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A case study of Allocasuarina robusta recovery using history and biogeography to identify future priorities
journal contributionposted on 2020-06-16, 00:00 authored by Matthew Pearson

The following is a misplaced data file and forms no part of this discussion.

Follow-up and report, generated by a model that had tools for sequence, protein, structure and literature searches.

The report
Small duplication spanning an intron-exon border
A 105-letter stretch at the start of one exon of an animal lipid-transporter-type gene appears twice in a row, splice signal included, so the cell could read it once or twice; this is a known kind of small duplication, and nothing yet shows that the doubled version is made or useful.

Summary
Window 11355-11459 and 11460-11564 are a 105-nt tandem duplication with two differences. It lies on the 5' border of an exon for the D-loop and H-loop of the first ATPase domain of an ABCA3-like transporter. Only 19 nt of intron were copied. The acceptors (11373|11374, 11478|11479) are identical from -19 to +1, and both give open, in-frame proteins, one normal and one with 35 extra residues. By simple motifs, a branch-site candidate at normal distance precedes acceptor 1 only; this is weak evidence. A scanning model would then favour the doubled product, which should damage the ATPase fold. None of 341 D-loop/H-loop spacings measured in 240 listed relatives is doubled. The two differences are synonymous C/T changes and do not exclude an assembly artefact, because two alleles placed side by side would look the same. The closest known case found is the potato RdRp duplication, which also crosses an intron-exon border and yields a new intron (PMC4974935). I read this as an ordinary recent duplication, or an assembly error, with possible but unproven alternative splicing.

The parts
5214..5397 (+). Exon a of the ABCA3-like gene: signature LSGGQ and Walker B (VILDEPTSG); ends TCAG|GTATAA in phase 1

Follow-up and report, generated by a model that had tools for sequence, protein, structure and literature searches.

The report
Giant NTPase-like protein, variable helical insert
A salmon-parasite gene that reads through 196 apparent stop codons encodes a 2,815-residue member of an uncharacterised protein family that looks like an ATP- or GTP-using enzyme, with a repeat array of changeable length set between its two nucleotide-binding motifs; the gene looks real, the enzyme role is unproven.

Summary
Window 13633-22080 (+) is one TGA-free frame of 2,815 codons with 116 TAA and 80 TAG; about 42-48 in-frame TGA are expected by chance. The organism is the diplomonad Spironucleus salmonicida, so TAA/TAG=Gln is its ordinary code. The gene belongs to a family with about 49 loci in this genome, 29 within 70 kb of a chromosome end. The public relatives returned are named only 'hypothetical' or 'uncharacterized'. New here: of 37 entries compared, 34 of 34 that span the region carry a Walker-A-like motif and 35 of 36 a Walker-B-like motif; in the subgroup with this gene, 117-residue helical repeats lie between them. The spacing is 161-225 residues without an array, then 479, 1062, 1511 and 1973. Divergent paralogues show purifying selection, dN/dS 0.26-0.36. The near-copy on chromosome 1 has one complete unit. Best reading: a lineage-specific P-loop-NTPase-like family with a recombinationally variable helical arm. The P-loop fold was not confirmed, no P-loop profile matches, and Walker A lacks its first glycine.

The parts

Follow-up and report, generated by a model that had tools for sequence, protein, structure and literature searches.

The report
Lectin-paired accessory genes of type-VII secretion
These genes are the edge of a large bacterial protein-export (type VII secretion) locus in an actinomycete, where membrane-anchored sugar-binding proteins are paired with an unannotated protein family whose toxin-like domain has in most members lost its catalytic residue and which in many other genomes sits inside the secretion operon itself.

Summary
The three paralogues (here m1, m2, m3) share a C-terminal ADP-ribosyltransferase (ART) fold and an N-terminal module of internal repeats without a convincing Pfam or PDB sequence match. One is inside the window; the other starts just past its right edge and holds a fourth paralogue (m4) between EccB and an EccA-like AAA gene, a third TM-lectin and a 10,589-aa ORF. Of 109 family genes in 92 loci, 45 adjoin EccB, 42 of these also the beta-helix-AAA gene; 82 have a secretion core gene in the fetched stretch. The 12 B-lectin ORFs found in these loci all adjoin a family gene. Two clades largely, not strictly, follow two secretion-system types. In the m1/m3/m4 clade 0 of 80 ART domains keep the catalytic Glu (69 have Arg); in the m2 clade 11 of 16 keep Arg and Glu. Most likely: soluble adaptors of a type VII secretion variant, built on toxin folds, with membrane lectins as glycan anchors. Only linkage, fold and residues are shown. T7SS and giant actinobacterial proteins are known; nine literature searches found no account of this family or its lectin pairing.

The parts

Identifying the cause of a threatened species can aid in how best to formulate recovery actions. Recovery can be based on broad concepts and may not reflect a specific community or species requirements. Urban sprawl and intensification of land are known as threatening processes. How a threatening process interacts with a threatened species can aid in the recovery efforts. In South Australia, the species Allocasuarina robusta provides an opportunity to understand how past land usage may direct recovery efforts. Information on past land usage can involve identifying and using data from multiple repositories. The investigation focused on the relationship between changes in land use and herbarium data to understand a relationship between a common and threatened species. As a species evolves and adapts, the conservation practices used, including the methods used for identifying future actions, needs to be reflective of a changing environment. A changing environment can have consequences to biodiversity, creating several issues for a land manager. Traditional species recovery techniques can slow the threatening process down. Sometimes these threats may be visible like grazing from fauna (native and introduced). The threat to Allocasuarina robusta is a change in land use originating from anthropogenic activities. Supplementary planting with tube stock is a well-grounded practice, but the implications from this practice may need further investigation. Natural regeneration is crucial for long term population survival, but in Allocasuarina robusta, this is not occurring. The Allocasuarina robusta investigation aims to explore the relationships between herbarium data and land-use histories to guide future recovery efforts.